Saturday, November 6, 2010

Worker Productivity is Declining...This is GOOD news...However, it is NOT permission to goof off on the job...

WSJ: Cooling Productivity Is the Heat Behind Jobs Figures

""U.S. workers are getting less productive. Right now, that actually may be good news for the labor market...The cooling rate of productivity growth. Output per hour of work in the U.S. rose 2.5% in the third quarter from the same period last year, figures Thursday showed. That is a considerable drop from the first quarter's 6.3% growth rate, the strongest pace in almost five decades. Companies, in other words, now require more hours of work and, ultimately, more workers to keep raising output....""

Productivity is defined as "Output Produced per Labor Hour"...Or more simply, how much "stuff" a worker produces in one hour of work.  After the initial plunge into recession in 2007, worker productivity actually increased significantly in the intervening 3 years.  There are many potential explanations for this. Here are a few of my observations from experience and, well, from relentless reading of professional economists blogs.  I dont pretend to be original...

(1) Fear. Workers busted butt, to use an informal term, to avoid being in line for lay-offs. A Darwinian, survival of the fittest mentality emerges at many work places, especially "blue-collar" or lower-level "cubicle jobs. I have no evidence of this other than the many many many many jobs I have held in my life...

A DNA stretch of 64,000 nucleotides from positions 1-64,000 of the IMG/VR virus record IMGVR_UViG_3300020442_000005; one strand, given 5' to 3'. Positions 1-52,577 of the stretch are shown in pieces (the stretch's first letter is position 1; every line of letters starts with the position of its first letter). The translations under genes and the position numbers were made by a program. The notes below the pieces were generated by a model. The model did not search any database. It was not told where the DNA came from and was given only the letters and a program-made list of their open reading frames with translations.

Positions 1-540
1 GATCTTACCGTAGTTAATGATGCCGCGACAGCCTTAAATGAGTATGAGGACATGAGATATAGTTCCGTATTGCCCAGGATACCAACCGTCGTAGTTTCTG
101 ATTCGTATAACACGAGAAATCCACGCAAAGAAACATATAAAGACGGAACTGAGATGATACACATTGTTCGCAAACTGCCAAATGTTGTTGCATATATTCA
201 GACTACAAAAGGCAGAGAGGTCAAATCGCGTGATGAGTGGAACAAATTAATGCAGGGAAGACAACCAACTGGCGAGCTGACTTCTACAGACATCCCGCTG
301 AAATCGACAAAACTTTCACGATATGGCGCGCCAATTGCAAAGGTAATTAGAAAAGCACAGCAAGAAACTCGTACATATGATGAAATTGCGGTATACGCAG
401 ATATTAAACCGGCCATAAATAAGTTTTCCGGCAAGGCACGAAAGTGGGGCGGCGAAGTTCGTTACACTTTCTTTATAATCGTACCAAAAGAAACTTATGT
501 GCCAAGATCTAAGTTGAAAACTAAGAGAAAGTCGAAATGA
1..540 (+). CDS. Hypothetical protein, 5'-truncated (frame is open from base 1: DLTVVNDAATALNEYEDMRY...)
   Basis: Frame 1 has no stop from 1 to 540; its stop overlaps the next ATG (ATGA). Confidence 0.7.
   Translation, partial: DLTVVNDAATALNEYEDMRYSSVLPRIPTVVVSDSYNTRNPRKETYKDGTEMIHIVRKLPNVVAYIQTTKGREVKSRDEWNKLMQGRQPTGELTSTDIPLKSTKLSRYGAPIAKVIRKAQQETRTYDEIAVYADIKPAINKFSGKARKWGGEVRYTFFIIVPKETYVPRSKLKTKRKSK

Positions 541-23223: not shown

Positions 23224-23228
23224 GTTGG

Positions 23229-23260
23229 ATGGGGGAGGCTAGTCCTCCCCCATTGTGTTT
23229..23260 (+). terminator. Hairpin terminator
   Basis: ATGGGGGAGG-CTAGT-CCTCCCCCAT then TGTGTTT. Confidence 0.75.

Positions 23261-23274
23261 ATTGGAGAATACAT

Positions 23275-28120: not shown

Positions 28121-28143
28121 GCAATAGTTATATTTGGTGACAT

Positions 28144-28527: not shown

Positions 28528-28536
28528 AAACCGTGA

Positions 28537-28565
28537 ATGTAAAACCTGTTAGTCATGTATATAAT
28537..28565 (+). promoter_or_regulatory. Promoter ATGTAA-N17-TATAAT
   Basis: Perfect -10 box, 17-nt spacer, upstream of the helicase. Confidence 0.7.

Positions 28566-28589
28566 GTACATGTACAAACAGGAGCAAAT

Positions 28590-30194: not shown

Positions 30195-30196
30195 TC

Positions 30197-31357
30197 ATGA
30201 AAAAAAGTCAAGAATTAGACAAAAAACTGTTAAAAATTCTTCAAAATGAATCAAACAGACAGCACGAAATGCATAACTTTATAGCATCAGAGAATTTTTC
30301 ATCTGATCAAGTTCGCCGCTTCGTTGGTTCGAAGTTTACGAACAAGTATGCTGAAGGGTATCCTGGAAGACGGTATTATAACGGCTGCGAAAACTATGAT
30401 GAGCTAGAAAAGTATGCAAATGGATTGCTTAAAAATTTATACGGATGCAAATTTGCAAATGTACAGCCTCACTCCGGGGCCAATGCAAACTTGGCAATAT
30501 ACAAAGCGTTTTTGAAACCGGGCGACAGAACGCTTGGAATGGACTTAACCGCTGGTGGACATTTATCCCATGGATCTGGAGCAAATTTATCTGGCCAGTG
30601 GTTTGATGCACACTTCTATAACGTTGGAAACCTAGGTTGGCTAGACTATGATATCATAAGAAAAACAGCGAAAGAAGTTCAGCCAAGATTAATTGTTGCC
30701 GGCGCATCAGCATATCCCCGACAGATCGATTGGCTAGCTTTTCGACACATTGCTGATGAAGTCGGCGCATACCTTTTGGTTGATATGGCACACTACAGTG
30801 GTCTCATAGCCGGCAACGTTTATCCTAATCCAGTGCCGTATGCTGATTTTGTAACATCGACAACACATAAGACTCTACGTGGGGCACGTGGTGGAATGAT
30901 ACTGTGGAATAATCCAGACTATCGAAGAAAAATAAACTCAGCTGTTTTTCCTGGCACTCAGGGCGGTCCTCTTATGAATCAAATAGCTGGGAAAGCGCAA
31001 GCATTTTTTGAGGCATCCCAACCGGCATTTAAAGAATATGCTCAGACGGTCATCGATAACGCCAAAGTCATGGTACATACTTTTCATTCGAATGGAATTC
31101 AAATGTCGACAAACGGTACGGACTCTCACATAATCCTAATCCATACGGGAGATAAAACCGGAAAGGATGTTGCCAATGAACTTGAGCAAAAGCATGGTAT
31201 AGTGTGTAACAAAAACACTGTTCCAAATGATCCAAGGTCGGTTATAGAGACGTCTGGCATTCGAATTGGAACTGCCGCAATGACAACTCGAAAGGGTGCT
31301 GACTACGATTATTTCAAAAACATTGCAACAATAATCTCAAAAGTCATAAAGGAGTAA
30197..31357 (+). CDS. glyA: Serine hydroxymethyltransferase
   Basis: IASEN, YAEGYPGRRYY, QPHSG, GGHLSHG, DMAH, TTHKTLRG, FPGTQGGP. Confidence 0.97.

(2) A reduced staff/workforce at a business learns to "do more with less". Daily processes are improved and efficiencies are squeezed out of every last input. I once worked in a warehouse as a temporary worker. The place was SO inefficient it made me crazy. I tactfully cajoled the manager to improve various processes and reduce the amount of time it took to unload trucks and process cargo. Needless to say, they did not need temp workers soon after that (guess I cause unemployment to increase...) The negative consequence of this is people may be over-worked and/or they find that they really had too many people in the first place and with streamlined processes they can do more with less labor (see my example above).

(3) Labor has been replaced with Capital.  Machines, computers, re-designed work-stations, and other production equipment have been employed to save on labor costs.

As we emerge from the recession, as measured by an increasing GDP (tepid as it is, it is increasing none the less), we SHOULD be adding workers to help produce that "stuff".  However, business have been tentative and have been able to keep up with additional demand without adding workers on any significant basis. There HAS to be a breaking point!

As noted in the highlighted paragraph, productivity is taking a dip.  Not because workers are not working as hard, but because they are coming up against productivity wall.  Existing workers, even with improved processes and additional capital, are not able to keep up with additional demand and their productivity may actually decline as they work more hours. This could be a signal to the business that they have milked all they can out of workers and capital and it is necessary to add labor (or capital) to improve productivity.  This is good for the labor market and some economists see this as a positive development.  

This graph accompanys the article above and shows an overall (not perfect) inverse relationship between productivity and employment. If the trend continues, we are in for better days...

Wall Street Journal
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